Profit, profit, profit… The core of any business and the reason anyone would start a business in the first place. So how do we measure profit and compare it to

What is profitability and why is it more important than profit?


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Profit, profit, profit… The core of any business and the reason anyone would start a business in the first place. So how do we measure profit and compare it to other companies? You could look at the absolute value of profit, total revenues minus total expenses. Or, you could look at the relative profit, how much profit is made compared to total revenue. The latter is known as profitability. In this article, we will explore:

1. What is profitability and how is profitability different to Profit?

2. Why is profitability more important?

3. Some profitability examples

What is Profitability & How is it Different From Profit?

First, let's look at profit. As we mentioned in the introduction, profit is most simply defined as what is left when you deduct expenses from revenue (Profit = Revenue - Expenses). Revenue, or income, is generated by delivering services or selling products. However, generating revenue is typically not a free exercise, it comes with lots of expenses, or costs, such as employee wages, equipment, and marketing to name a few. So, profit is an absolute measure of how profitable a business is. It tells you the dollar amount of how much extra money is left for owners at the end of a period.

On the other hand, profitability is a relative measure of how profitable a business is. What this means is that calculating profitability removes the raw absolute amount of the profit, revenue, and expenses and looks at those in percentage terms. By doing so, you can look at companies of different sizes and look at their levels of profit side by side. Generally, a company with higher profitability is more efficient, in as much as they are generating a higher percentage of profit for each dollar of input expended. So yes, profit and profitability are very much related, they use the same numbers but they are vastly different in their uses.

Why is Profitability More Important?

Profit alone can be deceptive. Imagine we have two companies and company A makes $2,000,000 revenue and has costs of $1,800,000, hence a profit of $200,000. Company B makes $1,000,000 of income and has expenses worth $800,000, and therefore, also making $200,000 profit. Both companies make the same profit but are they equally profitable?

No because one company has to spend far more money to generate that level of profit and is therefore susceptible to any increases in cost. To illustrate this, say companies A and B respectively spent $400,000 and $200,000 on gas for trucks in the previous year and gas prices rose 10% in the second year. All other things being equal, company A's costs would rise by $40,000 and profit would then be $160,000, whereas company B's costs would rise by $20,000 and profit would be $180,000. Company B is more resilient to cost changes than company A because of its higher profitability.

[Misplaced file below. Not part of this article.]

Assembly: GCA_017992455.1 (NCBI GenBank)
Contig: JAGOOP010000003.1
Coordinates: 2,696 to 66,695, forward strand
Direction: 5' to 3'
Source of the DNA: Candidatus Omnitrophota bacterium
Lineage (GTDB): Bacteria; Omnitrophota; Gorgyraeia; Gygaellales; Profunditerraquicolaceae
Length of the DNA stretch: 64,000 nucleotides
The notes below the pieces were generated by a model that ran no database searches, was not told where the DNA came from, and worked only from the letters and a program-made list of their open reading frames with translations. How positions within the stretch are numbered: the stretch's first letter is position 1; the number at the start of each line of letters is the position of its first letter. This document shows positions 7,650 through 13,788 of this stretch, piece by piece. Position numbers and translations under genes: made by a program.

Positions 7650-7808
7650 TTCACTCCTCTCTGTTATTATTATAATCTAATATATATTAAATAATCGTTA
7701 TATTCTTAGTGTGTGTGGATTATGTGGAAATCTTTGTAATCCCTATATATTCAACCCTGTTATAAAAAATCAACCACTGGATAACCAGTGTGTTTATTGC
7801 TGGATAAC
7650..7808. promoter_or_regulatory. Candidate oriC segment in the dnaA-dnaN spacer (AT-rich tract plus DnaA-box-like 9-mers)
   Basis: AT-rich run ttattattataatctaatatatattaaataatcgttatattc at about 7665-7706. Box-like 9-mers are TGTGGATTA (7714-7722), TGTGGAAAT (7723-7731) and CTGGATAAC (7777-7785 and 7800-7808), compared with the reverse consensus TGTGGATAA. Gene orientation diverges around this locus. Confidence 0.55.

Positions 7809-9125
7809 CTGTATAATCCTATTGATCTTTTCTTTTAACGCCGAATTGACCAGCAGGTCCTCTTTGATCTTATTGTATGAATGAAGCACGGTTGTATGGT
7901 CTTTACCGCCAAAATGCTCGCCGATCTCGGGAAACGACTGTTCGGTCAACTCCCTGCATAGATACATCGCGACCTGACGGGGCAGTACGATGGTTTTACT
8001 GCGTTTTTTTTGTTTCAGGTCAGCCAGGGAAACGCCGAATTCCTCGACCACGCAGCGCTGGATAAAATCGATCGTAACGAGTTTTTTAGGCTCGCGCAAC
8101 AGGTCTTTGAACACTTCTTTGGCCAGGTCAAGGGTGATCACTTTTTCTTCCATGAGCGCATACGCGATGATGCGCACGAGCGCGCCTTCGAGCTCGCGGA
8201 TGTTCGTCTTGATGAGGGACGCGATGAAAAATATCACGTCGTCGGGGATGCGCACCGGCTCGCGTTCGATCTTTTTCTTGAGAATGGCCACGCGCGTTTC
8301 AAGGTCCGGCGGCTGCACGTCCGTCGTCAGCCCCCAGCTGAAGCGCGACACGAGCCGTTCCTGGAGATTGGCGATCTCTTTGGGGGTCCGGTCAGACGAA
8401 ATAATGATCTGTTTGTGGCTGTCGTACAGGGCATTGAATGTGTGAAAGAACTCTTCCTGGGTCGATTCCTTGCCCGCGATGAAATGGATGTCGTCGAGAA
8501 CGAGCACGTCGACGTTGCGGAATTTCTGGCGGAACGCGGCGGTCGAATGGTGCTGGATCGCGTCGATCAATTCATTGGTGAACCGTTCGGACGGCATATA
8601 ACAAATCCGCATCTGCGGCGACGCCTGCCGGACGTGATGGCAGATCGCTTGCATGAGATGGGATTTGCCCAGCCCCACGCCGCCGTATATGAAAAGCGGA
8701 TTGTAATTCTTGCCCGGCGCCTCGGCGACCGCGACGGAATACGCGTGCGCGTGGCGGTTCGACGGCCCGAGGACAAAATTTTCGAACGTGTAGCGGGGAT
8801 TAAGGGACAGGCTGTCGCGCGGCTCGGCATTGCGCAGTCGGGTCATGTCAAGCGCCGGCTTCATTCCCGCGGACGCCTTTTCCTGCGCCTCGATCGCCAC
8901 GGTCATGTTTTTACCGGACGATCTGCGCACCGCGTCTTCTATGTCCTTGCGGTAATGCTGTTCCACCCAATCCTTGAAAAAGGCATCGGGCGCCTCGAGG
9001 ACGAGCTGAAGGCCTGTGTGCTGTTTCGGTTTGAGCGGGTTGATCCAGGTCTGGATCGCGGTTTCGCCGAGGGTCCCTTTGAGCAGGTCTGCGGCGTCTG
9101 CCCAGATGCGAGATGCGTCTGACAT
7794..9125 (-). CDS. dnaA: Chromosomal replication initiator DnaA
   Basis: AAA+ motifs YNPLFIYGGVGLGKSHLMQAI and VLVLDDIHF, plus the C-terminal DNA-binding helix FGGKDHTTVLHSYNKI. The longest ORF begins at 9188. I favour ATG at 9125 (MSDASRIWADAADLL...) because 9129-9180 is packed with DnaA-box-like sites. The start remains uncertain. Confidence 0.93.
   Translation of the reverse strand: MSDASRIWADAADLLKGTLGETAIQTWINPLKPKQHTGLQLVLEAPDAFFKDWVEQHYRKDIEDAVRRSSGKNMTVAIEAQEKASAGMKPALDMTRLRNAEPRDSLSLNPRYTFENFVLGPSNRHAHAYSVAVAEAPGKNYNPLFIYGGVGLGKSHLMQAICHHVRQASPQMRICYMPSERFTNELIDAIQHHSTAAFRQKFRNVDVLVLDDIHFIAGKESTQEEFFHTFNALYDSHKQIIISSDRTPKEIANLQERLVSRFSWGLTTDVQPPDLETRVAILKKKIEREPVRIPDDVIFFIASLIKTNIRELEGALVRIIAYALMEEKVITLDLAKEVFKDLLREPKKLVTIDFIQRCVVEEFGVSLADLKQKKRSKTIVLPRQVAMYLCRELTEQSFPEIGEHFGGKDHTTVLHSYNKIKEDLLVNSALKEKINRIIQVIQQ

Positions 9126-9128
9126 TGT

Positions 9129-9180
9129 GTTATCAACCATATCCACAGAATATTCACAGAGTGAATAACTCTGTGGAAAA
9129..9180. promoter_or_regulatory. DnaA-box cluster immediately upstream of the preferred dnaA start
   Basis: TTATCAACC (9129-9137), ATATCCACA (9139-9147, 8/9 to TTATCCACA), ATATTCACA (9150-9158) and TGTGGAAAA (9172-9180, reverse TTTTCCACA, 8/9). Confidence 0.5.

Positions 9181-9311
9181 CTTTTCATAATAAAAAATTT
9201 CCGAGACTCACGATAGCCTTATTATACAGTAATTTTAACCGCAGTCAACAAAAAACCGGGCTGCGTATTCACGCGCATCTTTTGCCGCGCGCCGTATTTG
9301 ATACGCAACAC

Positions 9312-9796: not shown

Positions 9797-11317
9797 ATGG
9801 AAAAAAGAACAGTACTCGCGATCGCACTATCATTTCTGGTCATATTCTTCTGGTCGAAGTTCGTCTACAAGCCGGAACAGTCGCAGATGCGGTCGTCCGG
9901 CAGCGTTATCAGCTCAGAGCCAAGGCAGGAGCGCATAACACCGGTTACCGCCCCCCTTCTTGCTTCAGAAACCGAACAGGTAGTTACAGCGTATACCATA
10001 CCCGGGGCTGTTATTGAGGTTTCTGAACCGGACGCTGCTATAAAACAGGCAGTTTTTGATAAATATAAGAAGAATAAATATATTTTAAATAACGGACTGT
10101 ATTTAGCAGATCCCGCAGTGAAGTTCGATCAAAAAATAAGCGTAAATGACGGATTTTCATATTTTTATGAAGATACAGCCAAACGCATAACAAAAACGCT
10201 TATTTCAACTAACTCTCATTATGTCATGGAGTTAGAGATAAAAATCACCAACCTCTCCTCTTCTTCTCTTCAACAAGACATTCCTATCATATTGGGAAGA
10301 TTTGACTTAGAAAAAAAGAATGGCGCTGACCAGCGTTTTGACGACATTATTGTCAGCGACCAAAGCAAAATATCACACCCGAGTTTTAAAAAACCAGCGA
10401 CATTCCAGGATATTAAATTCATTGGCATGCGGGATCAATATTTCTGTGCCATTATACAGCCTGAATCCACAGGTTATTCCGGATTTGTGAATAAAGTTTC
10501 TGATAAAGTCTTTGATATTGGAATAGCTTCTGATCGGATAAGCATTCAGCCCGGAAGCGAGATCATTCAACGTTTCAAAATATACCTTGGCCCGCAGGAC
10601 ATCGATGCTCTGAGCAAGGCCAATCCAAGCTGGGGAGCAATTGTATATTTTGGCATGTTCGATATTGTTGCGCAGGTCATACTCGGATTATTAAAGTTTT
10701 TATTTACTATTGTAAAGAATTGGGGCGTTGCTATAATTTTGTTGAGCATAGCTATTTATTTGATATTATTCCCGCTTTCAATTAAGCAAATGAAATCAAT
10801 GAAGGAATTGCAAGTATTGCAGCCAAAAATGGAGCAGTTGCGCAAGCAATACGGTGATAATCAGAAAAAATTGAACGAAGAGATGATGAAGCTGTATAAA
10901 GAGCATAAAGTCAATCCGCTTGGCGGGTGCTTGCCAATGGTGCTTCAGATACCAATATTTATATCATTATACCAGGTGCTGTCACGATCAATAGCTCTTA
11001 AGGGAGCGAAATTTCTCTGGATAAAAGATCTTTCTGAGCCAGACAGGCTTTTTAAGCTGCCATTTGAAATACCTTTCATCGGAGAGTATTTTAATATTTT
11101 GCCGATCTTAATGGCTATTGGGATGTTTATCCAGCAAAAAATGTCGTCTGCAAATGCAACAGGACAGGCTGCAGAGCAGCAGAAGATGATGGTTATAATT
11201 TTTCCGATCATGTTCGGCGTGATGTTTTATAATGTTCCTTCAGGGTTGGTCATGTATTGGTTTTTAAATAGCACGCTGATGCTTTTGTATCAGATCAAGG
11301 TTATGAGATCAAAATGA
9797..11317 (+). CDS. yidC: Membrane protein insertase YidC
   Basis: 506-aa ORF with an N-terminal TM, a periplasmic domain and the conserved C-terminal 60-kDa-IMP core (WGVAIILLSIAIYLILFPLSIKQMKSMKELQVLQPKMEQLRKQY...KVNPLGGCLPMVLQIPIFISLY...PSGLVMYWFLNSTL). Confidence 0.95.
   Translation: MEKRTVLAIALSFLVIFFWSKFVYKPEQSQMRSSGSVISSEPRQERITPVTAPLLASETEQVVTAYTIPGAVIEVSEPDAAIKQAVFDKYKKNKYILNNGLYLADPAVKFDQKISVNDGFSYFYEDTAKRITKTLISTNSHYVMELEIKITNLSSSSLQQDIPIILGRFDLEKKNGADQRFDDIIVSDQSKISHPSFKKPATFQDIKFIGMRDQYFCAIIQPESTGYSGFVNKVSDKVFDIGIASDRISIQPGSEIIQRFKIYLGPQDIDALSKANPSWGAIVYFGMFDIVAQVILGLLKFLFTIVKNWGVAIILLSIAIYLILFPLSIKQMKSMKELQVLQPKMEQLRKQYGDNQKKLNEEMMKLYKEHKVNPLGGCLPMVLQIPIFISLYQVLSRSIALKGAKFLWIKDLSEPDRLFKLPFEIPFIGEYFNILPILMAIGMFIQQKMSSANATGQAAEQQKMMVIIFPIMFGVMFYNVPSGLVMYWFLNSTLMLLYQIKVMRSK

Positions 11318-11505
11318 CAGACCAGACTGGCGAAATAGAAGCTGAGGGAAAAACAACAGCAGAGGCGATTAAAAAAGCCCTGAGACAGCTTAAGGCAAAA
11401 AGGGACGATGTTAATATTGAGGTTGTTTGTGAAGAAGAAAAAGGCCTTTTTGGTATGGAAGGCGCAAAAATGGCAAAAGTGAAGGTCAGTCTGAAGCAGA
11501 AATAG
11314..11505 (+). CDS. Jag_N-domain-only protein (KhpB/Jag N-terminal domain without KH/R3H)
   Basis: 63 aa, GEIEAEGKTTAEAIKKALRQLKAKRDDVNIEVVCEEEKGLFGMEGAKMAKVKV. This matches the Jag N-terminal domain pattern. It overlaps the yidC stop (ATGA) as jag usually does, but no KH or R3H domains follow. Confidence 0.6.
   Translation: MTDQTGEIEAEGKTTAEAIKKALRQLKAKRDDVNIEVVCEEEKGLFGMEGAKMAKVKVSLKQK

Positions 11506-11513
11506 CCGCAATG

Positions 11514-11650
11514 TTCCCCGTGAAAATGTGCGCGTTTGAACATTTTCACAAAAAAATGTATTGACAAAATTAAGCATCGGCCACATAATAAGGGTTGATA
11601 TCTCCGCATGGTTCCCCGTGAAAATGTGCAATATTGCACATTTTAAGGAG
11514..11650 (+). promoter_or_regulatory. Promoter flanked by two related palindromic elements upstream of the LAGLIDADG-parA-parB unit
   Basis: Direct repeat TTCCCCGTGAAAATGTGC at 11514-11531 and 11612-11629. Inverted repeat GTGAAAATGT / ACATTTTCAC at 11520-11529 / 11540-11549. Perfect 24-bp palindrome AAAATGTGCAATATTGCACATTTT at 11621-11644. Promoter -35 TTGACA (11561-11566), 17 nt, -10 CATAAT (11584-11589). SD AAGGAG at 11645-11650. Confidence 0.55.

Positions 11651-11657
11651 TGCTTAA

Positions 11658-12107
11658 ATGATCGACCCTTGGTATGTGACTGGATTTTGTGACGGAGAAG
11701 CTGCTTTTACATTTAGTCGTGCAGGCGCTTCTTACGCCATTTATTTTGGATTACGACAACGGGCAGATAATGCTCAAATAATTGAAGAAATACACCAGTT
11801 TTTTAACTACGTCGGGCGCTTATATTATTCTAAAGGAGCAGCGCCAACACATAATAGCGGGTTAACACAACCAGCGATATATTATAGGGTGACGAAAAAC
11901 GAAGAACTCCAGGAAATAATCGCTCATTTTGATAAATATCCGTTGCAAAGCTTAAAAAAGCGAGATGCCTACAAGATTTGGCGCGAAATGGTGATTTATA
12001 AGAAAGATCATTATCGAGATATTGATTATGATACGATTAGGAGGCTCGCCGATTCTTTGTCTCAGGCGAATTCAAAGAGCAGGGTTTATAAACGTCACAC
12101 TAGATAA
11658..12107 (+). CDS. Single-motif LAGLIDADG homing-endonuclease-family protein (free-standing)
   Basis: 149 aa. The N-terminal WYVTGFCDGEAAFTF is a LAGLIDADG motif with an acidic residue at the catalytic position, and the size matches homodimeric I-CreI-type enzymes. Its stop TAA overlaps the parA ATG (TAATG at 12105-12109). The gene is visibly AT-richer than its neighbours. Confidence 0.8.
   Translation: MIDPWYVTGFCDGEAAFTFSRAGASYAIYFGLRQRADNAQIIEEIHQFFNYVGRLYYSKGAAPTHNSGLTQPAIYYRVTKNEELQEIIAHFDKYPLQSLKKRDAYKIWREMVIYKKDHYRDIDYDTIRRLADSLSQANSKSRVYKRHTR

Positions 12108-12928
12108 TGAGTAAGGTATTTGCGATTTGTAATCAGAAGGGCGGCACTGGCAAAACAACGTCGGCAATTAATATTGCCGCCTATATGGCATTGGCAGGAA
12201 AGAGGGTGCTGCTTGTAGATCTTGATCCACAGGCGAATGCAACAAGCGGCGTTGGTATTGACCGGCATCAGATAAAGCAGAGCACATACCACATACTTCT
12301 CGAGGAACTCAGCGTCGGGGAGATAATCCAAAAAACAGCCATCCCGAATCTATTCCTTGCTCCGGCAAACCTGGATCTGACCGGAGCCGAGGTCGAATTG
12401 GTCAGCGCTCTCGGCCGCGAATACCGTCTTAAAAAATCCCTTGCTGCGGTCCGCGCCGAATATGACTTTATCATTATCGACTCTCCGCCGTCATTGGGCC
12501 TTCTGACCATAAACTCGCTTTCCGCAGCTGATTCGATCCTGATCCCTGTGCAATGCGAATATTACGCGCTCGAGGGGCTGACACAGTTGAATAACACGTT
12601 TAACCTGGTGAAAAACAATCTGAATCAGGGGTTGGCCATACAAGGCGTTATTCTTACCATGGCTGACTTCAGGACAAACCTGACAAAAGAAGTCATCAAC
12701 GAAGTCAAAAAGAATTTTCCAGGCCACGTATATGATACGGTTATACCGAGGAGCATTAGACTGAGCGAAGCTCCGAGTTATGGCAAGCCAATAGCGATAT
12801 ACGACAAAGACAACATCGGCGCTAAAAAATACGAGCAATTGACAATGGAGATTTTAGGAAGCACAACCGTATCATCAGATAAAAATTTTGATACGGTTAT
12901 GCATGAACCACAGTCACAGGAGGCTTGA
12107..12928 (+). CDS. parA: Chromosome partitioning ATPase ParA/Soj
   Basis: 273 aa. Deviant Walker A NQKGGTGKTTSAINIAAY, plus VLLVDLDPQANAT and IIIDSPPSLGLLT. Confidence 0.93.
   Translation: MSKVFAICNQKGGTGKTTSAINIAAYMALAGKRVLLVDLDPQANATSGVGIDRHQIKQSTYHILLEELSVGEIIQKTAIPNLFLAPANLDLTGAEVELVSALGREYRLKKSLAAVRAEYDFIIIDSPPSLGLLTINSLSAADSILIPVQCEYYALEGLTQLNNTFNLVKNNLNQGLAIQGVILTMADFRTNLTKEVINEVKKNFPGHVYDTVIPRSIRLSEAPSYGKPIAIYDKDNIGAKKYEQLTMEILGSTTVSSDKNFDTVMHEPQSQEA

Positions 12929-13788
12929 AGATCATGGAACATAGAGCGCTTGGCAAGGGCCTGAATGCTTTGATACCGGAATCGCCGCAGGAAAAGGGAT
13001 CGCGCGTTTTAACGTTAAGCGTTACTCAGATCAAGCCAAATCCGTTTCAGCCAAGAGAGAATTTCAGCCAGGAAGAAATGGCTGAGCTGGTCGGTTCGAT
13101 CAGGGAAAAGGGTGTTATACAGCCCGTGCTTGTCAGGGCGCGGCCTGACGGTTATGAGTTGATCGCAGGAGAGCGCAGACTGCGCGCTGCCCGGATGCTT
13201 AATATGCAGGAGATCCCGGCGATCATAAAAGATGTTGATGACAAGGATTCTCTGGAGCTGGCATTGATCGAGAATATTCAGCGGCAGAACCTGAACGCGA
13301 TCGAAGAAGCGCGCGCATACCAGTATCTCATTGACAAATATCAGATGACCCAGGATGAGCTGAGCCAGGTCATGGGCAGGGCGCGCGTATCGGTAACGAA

Profitability Examples

The next article in this series will go into detail about a plethora of ratios that you can use to analyze profitability. However, to illustrate profitability we are going to look at the Gross Profit Margin of Amazon using data from Amazon's Income Statements. Firstly, what is the gross profit margin?

Equation: Gross profit margin = Gross Profit / Revenue

Gross profit is calculated by subtracting Cost Of Goods Sold (All the variable costs including direct labour, materials, packaging, and others) from Revenue. Luckily Income Statements show gross profit on them so you won't have to calculate it.

What we see is that Amazon's gross profit margin has grown steadily over the last 10 years. This is driven by Amazon's disruption in the retail industry by their innovative business model. They have driven revenue growth by offering next day delivery (and same day delivery in some places) of almost any good you need and branching into live streamed entertainment with Prime Video. Amazon has cut costs at the same time by automating many services (such as warehouse picking) and manufacturing a lot of their own goods at a lower price than they could buy them for. From an investment perspective, they are becoming more monopolistic in the industries they serve which gives an investor confidence in their ability to keep growing as a company.

Rounding Up

Profitability is the relative measure of profit. It compares how much profit a company makes compared with its overall revenue and costs. By so doing, it enables you to have a more holistic view of how well a company is doing. There's no better way to learn than to practice yourself. Financial Modeling Prep gives you access to the financial statements of all SEC listed companies for you to play around with. Download the income statement of your favourite company and calculate its gross profit margin. The next article in this series, will help you understand the other ratios that can be used to measure profitability.

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